I know many people may be aware of violence against a teacher in the older grades but I have witnessed such violence in the students as young as Kindergarten.  On several occasions I has seen students be so violent that the teacher had to remove the other children from the class while the student ransacks the classroom. Does anyone stop them?  No.  They continue until they are done.  Some even continue their rampage into the hall destroying artwork, turning over furniture and hitting other people they see.  Then to make matters worst, they may go after the teacher or ECE in the room with an object as a weapon. 

Student on a Rampage

Unfortunately that is not the end of the behaviour.  I saw that once the student had finished their rampage they are not required to clean up the mess.  No, the teacher cleans it up.  I look at this and say, “What are we teaching the student? You can destroy public property, hit people and getaway with it?”  The last time I checked that is call vandalism and hitting another person with out their consent is called assault.  Both are offences in the Criminal Code of Canada but for some reason these students are not charged or their parents held accountable for their actions.  

I don’t want to say, “When I was a student …” but unfortunately something has changed.  The reality is not simply that I witnessed and was a recipient of student violence against teachers, but there is documented proof that there is an increase. The truly scary thing is that people I knew, family and former friends would not stand for any type of violence against them in their workplace, yet they don’t think this is an issue when it comes to teachers.  “If you don’t like it, get a real job.” some would say.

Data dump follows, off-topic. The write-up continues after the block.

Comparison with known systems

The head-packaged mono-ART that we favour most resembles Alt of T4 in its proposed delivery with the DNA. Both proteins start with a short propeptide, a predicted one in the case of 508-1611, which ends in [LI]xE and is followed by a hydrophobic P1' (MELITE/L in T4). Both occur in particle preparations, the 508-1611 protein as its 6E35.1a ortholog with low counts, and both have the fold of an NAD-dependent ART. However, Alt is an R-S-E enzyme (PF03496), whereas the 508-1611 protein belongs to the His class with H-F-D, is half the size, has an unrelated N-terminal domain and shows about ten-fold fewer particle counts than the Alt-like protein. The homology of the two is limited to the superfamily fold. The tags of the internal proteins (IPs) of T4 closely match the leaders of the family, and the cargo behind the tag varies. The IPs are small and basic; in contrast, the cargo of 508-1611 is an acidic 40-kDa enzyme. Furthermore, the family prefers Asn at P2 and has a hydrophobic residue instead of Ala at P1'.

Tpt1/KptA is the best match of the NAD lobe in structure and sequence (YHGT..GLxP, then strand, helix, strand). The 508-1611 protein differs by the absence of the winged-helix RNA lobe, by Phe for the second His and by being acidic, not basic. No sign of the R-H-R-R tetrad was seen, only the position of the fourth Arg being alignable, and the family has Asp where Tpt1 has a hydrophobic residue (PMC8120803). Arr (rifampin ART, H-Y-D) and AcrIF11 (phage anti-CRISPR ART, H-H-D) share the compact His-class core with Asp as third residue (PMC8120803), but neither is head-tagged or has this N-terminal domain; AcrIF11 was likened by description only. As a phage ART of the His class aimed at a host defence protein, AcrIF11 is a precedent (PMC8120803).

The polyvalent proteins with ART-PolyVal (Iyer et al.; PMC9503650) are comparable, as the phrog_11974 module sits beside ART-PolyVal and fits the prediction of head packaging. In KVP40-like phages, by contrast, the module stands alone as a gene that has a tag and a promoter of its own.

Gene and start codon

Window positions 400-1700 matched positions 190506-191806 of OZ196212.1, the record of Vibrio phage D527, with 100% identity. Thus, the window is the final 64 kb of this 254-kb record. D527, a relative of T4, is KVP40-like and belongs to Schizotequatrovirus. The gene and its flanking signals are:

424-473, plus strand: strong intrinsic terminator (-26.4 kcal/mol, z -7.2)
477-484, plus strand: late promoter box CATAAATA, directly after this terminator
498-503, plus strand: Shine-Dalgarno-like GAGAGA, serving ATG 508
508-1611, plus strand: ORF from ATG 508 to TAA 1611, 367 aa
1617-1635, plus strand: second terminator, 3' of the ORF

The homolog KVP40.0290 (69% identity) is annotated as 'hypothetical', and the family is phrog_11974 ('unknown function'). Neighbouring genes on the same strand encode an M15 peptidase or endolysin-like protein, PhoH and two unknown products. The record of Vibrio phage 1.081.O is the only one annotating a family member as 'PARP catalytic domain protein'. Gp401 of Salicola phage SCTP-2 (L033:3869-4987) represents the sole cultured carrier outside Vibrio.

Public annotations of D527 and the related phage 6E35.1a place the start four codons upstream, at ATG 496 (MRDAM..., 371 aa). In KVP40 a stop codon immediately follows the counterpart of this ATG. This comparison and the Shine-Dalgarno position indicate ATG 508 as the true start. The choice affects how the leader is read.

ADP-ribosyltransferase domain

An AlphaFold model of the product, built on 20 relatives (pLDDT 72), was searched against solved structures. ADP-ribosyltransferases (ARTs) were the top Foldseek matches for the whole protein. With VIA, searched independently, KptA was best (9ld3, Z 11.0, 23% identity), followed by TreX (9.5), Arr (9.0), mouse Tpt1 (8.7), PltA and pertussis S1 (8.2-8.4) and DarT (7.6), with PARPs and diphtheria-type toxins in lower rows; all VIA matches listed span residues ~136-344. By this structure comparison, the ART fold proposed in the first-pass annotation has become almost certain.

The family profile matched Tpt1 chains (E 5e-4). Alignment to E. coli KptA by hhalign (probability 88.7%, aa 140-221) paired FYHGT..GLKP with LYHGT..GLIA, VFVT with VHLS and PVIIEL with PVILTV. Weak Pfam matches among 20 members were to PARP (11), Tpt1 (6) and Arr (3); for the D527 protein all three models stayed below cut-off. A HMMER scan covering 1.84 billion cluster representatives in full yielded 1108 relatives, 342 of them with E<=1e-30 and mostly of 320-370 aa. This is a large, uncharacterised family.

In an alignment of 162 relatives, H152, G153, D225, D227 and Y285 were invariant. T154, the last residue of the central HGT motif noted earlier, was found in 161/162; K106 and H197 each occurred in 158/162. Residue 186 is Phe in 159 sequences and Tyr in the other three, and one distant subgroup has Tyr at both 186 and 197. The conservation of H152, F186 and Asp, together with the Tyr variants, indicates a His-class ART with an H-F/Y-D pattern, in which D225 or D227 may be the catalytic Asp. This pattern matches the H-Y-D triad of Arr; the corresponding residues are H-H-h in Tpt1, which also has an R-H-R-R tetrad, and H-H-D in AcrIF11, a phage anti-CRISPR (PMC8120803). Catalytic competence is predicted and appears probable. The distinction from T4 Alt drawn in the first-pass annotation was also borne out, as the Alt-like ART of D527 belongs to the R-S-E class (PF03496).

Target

I am not sure what is the answer to this issue, all I know is that there is an issue and colleagues of mine and myself are feeling the strain and physical violence and abuse of these students. Even parents are not concerned with their children being violent to adults and other children.  Every parent is out there to look after their child and make sure that they get an education almost and any cost.  Yet they forget one vital lesson that is more important than math, reading or writing, they need to learn caring and fairness for others. How is it fair for one student to disrupt the lives of 20 others and the teacher who is trying to help/teach them to be the best person they can be.  

Society needs to remember the words that Colin Powell once said …  

‘Children need to get a high-quality education, avoid violence and the criminal-justice system, and gain jobs. But they deserve more. We want them to learn not only reading and math but fairness, caring, self-respect, family commitment, and civic duty.’ Colin Powell

More than simple words but aspirations to live by.  

Ontario English Catholic Teachers Association;(June, 2017). Workplace Violence and Harassment Against Teachers: Results of a comprehensive members survey. http://www.catholicteachers.ca/OECTA/media/pdfs/News/2017/OECTA%20Survey%20on%20Violence%20in%20Schools/na_schoolViolence_v3_june27_2017_reduced.pdf

Friday Two Cents: Valentine’s Day Kindness


This past week many students had a lot of exciting things happening at school. Monday was the 100thday of the school year; Tuesday we had a rare snow day and the schools were closed; Wednesday report cards went home and Thursday was Valentine’s Day.   Yet I saw something during Valentine’s Day that I thought is worthy of mentioning.  In a school I work at, the kindergarten teachers decided to do something different and dare I say daring.  Instead of giving parents a class list for the students and parents to make Valentine’s cards, they helped the students to each make a card and have everyone in the class sign it.